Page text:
Michigan Democrats are rising up trying to turn a battlefield blue

Rep. Elissa Slotkin (D-Mich.) delivers remarks at a student sit-in demonstration at the State Capitol in Lansing, Feb. 15, 2023. (Nick Hagen/The New York Times)

The Michigan governor is considered one of her party’s brightest stars. Her state’s legislature, controlled by the Democrats, is quick to approve a set of ambitious priorities. The Democratic Party plans to host one of its earliest presidential primary in Michigan while the state’s Republican Party is in chaos.

Seven years after Michigan helped cement Donald Trump’s election victory, the state has transformed itself into a new – albeit fragile – flashpoint of Democratic power that has the promise and pitfalls of full Democratic governance in one of the world’s pre-eminent political battlegrounds put the nation to the test.

But Michigan Democrat leaders balk at the idea of ​​their state — once a reliable party stronghold in the presidential years — turning blue again.

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“NO! Michigan is not a blue state,” Whitmer insisted in an interview last week in Bay City, located in a windswept working-class neighborhood near Saginaw Bay, that Trump has won twice. Whitmer also conquered it and sat there and in across the state in the Democrats’ November sweep.

“It would be a mistake for anyone to look at this and think that Michigan isn’t still an undecided, very competitive, very diverse state that will again decide the outcome of the next national election,” she said.

“Everyone’s like, ‘Oh, Michigan’s done; it’s a blue state,'” added Rep. Debbie Dingell, D-Mich. “Weak is the key word.”

Against this backdrop — significant victories last fall in a still deeply divided state — state Democrats are pursuing a spate of liberal legislation while measuring the durability of a sluggish coalition that defeated Republicans in the last three elections.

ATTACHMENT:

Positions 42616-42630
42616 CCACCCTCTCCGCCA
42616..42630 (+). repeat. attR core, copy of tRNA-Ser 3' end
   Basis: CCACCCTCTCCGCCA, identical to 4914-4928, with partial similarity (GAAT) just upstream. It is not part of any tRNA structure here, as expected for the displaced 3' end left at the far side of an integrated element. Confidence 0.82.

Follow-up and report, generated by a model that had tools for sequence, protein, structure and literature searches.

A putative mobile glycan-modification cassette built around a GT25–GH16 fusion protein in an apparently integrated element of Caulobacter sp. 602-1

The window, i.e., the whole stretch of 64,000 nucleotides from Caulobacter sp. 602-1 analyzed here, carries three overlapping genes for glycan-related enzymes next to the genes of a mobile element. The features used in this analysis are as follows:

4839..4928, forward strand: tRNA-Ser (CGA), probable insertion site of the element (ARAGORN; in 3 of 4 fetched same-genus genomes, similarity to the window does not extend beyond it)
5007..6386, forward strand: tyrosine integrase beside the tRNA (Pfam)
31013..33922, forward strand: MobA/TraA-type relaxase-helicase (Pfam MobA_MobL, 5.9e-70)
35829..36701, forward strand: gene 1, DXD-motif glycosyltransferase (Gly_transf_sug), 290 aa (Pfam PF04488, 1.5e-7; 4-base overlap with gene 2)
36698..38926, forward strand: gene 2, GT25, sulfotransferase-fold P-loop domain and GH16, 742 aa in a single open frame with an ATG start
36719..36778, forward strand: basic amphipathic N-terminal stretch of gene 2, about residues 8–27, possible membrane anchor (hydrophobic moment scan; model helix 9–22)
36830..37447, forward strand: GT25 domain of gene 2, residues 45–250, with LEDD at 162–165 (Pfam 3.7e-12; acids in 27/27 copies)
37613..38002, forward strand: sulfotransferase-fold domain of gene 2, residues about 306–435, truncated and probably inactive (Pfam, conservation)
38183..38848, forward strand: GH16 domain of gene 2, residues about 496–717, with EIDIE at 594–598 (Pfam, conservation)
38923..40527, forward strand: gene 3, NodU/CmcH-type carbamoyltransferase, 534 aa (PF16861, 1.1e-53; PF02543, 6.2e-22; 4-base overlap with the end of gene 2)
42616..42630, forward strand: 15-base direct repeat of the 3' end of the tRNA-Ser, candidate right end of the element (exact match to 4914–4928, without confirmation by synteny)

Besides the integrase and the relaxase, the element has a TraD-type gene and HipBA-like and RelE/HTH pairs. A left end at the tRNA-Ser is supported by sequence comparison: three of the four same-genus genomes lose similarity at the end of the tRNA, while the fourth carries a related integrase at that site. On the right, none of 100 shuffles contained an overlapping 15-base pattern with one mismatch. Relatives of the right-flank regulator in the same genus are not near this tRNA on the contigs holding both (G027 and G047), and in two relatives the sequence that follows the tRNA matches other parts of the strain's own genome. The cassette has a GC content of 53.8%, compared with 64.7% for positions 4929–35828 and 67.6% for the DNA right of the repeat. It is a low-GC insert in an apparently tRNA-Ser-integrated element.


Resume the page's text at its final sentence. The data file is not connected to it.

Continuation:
Democratic triumphs have been fueled by moderate suburbanites as well as liberal city dwellers, left-leaning college students and even some former Trump voters who thought their party had gone too far.

“The state Republican Party does not reflect the average Michigan Republican,” Whitmer said, nodding to the Michigan GOP’s sharp right turn. “I don’t think everyone suddenly became Democrats.”

Whitmer has warned against claiming political “mandates”.

But Democrats have chosen to exercise their power, which includes full control of the legislature and the governor’s mansion for the first time in 40 years, focusing on both purse priorities and cultural issues.

They passed a massive tax package, making Michigan the first state in nearly 60 years to repeal the right-to-work rules that had weakened organized labor, to the dismay of some in the business community. They have expanded LGBTQ protections, taken action against gun violence, and lifted a now-unenforceable 1931 ban on abortion.

Whitmer also signed a measure to bring Michigan’s presidential primary up, a move that has been blessed by national Democrats, though it’s unclear how Republicans will proceed.

If this calendar change takes hold, voters across the country once familiarized with the Iowa State Fair may soon become acquainted with the Posen Potato Festival and a Michigan Cheeseburger Festival as the state moves into a position of greater prominence in the Democratic nomination procedure occurs.

Whitmer’s nearly 11 percentage point margin of victory — on par with or ahead of governors in several more liberal states — has only fueled the perception among many Democrats that she is possible presidential material.

However, she insisted that she would not run for president in 2024, regardless of President Joe Biden’s re-election plans. He is expected to run and would have strong support from party leaders, including Whitmer, but has not yet announced an offer.

“I’m committed to the people of Michigan. I will do this job until the end of this term,” Whitmer said. Pressing if there was anything appealing about the presidency later on, she initially hesitated – “No, not at the moment” – before admitting: “I think this country is long overdue for a strong female chief executive. “

For their part, Republicans, who controlled state power levers as recently as 2018, are now helpless and divided. Ahead of the actual Senate race to succeed Senator Debbie Stabenow, a retiring Democrat, the challenge of nominating someone who would both survive a primary and succeed in the general election is becoming clearer by the week.